As well as its main islands, Finistère has a large number of remarkable islets dotted around its many kilometres of coasts. The Île Verte near Nevez, the Île de l’Aber in Douarnenez Bay, the Île de Tibidy at the mouth of the River Aulne, and several islands at the entrance to the abers and in Morlaix Bay, each with its own charms that are almost impossible to resist.
Some of these islands, such as Callot (in Morlaix Bay) and the Île Vierge (near Plouguerneau) are accessible from nearby ports. Head off for an adventure and discover what they have in store for you!
Located in the heart of Morlaix Bay, Île Callot is an island you can walk to at low tide. It’s a thin strip of land, 2.125km long and only 30m to 300m wide, stretching away into the sea north of Carantec.
Île Callot was long used for its granite, especially in the 17th century, as this hardwearing stone was chosen for many buildings in the area including part of the iconic viaduct and the Tobacco Factory in Morlaix. These days, granite quarries have been replaced by market gardens and crops. To the north, there is a protected nature reserve.
On the island’s summit, you’ll find the chapel Notre Dame de Kallod, a pilgrimage site since the 6th century. It has been rebuilt several times, which is why the chapel you can see now dates mostly from the 17th century. Its bell tower won Historic Monument status in 1914.
Practical Info: there are two car parks at the entrance to the island. This means that you can head to the island on foot or on your bike (although you can’t cycle in the nature reserve).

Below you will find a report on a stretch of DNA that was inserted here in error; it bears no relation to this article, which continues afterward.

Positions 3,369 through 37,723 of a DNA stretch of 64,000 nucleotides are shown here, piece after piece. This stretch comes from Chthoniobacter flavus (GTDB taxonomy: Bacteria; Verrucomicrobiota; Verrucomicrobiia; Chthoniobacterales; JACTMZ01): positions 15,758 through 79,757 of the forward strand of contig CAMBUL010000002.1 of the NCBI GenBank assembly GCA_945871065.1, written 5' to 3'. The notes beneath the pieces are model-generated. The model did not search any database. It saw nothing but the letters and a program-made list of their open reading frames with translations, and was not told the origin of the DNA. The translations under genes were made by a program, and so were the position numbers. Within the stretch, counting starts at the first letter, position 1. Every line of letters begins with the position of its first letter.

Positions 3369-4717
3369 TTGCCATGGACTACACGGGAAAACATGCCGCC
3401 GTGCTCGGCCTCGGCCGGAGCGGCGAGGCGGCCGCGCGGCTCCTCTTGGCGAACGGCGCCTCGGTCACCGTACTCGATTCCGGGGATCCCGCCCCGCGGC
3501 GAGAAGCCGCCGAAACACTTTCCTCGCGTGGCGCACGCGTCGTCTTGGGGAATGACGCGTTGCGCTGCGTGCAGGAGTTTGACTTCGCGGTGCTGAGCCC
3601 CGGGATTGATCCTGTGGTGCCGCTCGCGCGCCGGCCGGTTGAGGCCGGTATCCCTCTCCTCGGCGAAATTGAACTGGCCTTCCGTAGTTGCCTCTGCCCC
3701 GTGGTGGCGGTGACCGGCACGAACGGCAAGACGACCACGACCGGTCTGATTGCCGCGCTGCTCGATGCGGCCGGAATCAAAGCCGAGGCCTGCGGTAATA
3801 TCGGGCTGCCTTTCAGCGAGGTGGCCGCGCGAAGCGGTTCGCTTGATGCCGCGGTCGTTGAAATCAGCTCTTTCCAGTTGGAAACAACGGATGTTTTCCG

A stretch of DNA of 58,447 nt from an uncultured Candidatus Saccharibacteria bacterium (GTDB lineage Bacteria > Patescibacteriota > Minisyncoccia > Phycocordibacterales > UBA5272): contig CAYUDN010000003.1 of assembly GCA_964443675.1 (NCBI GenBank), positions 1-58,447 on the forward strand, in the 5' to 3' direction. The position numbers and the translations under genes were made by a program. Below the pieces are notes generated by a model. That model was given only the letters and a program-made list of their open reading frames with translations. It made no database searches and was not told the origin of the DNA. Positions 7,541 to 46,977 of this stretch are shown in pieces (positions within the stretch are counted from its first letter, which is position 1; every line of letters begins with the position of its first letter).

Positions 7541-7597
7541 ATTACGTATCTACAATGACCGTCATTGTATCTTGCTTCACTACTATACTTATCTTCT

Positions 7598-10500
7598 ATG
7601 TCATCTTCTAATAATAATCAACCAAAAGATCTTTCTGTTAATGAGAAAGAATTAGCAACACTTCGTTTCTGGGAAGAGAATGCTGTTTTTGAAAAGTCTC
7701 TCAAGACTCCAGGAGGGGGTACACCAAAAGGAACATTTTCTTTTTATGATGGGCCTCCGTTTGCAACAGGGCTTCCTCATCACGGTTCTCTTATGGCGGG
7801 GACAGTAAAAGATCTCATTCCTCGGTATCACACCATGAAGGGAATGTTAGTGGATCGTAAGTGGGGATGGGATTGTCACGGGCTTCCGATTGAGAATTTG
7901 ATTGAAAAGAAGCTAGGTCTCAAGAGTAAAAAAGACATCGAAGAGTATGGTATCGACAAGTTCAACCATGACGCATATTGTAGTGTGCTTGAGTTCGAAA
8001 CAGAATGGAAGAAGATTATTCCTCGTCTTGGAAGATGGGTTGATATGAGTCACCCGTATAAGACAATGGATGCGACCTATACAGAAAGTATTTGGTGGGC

Please note: visitors are asked to leave their cars on the mainland in July and August. Also, do be aware of the tides so that you can be sure of getting back safely in good time!
Île Vierge is located just 1.5km from the coast, at the north-east of the entrance to the Aber-Wrac’h in north Finistère.
Its lighthouse is the tallest in Europe, made of cut stone that rises an impressive 82.5 metres. You’ll need to climb 365 steps if you want to enjoy the breath-taking panoramic views from this granite tower. As you climb, you can admire the unique 12,500 tiles of blue-tinted opaline that line the staircase.
The old lighthouse, 33m tall, is just nearby. It is used as a daymark, and its foghorn is occasionally put to good use.
This island was once a Druid sanctuary, where Franciscan Friars Minor - also known as Cordeliers or Observantins - founded a monastery in the mid-15th century. They stayed for a few decades before returning to the mainland.
Practical information: to get to the island, you can take a boat from Landéda with the boat company Les Vedettes des Abers. The lighthouse is open from April to October. Prices: 3€/adult, 2€/child, 10€/family ticket.
Île Tristan, off the coast of the town of Douarnenez, takes its name from the legend of Tristan and Isolde. This island covers 17 acres and since 1995 it has belonged to the French coastal protection agency, ‘Conservatoire du Littoral’.
The island still bears all the traces of its history, from its old canning factory, its fort, its grand manor and of course the stories of the brigand La Fontenelle (said to have buried his treasure here). It’s a very green island, dotted with moorland, orchards and an exotic garden.
You can walk across to the island at certain times of the year, at low tide.
It is occasionally open to the general public, but Douarnenez Tourist Office offers guided visits throughout the year depending on tides and accessibility.